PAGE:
Advances in Education and Technology

Advances in technology seem to happen so fast, what was new yesterday is obsolete today. Some 40 years ago, a new hand-held device came into being, a calculator on which we could, add, subtract, multiply and divide, but not use in class. Now, there are graphical calculators able to do all kinds of complicated equations and can be an assist in the classroom.

Even 20 years ago, the Internet was text-based, email was new and even though combining education and technology, media complementing instruction, was making headway, there were plenty of skeptics. Now, there is technological instruction in virtually every field of study. We hold in our hands a multi-functional, multi-use font of information–that also makes phone calls.

The news about education and technology is it’s not going away and is becoming more essential in an ever-growing computerized world. Though, we may see all this technology at our grasp, it is not at everybody’s grasp. There is a digital divide, especially in the United States, between those who have access to the Internet and those who do not. Drastic education cuts to public schools in our major cities have deepened this. In private schools—and some better public schools–each student may be given a laptop. At other public schools, parents are asked to contribute paper and other supplies to the classroom. In a recent article, The Future of the American Economy Depends On 2 Crucial Factors: Education and Technology, the authors say, “Good science is a creation of a good education system. If you want good science and technology, you better place education at the front of the funding line.”   Despite the advances in the last 40 years mentioned above, the article says, “American education has been falling for the last 30 years. The best economies have always been the most technologically advanced.”

The authors note that following WWII former soldiers were able to attend college for free, including Ivy League schools. In addition, the New York City colleges were free. “The scientists and engineers and teachers and thinkers who brought in the information age, who took us to the moon, who waged the cold war, you name it – all those men and women were educated through the GI Bill,” says Ed Humes.

Now, the cost of a college education is astronomical and funding from states and cities to higher education was cut 33% between 2001-2012. Lower income students are not only facing an educational deficit against their counterparts at other schools in the admission process, but a financial one. Without this preparation and education how positive can their employment prospects be?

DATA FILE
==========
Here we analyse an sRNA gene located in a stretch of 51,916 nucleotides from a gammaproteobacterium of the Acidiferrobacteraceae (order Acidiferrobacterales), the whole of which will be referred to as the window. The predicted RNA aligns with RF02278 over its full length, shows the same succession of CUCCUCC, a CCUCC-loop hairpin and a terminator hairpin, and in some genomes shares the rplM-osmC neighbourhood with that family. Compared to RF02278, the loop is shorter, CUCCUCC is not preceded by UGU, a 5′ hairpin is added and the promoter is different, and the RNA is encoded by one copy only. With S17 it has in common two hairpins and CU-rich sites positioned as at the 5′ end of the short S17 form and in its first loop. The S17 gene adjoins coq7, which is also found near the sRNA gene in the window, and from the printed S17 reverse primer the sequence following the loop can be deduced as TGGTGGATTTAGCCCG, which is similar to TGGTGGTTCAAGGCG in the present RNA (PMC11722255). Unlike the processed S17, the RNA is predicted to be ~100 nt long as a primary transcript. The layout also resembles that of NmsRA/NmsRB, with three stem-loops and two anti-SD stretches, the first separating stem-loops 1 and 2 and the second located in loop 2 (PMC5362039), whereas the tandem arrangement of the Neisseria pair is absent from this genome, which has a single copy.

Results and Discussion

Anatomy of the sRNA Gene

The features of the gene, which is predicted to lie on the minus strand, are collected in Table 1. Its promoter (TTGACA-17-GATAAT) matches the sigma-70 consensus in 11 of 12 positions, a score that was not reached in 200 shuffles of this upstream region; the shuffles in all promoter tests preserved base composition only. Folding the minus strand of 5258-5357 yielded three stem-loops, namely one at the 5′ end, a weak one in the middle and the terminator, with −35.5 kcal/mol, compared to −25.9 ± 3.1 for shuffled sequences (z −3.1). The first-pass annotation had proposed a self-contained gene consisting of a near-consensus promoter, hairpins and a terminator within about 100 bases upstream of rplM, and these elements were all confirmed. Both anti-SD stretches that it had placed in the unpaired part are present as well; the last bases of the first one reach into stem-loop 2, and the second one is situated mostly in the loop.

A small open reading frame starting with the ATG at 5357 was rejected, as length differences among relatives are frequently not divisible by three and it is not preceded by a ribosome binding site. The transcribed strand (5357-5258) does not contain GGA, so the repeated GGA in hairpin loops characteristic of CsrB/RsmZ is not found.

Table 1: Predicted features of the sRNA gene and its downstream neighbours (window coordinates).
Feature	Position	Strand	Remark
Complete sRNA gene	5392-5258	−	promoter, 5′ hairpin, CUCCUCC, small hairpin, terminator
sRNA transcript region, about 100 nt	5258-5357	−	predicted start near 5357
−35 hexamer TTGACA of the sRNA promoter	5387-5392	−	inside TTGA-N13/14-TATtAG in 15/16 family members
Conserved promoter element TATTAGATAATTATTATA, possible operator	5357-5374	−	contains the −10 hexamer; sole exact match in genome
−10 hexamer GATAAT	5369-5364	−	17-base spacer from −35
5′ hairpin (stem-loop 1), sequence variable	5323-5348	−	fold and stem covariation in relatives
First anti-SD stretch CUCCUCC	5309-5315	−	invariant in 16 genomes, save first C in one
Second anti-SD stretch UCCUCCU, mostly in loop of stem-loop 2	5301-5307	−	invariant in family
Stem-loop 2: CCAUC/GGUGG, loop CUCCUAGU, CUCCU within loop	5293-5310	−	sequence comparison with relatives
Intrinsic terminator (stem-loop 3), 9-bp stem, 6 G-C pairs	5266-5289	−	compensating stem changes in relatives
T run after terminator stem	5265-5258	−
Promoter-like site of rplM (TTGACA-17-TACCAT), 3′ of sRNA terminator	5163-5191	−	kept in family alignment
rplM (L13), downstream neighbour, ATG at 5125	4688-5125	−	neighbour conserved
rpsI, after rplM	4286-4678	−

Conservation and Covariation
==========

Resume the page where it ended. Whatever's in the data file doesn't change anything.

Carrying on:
The Minnesota Private College Council charted the entrance and completion rates to college of low income, low middle income, high middle income and high-income students. They studied children born between 1979 and 1982. Of the 80% of high-income students that matriculated, 54% completed. That pales to the low-income figures of 29% starting college and 9% finishing.

Another study of college completion also incorporated eighth-grade testing scores. Curiously, 30% of low-scoring high-income students completed college, almost identical to the 29% of high-scoring, low-income students. This, say the authors, shows the effect of an economic disparity, not an ability one.

Recent scores (2012) of 15 year olds in the international PISA test showed American youths ranking 24th in reading, 36th in mathematics, and 28th in science. In the ACT college entrance test, only 25% of American high school seniors scored adequately in those subjects.

The authors say the short-term answer is through immigration of high-level research minds in science and technology from other countries, and overhauling the archaic American patent law so they can get credit for their work. Their optimism for people already here is a projected increase in population and that “…the U.S. always seems to fix things even if sometimes it takes too long… surely they can fix education and research. However, if they take too long fixing the present situation, the demographic dividend could become a demographic disaster; a huge prime-age cohort with no prospects.”

There has also been a push in some areas for businesses to take a bigger interest in education. They must realize the students of today are their employees of tomorrow. Contribute computer labs in urban schools. Talk and mentor the students. Show them what’s possible.

Encore Data Products provides a number of products for educational settings that can enhance the learning environment. Contact us, so we can help you reverse the pessimism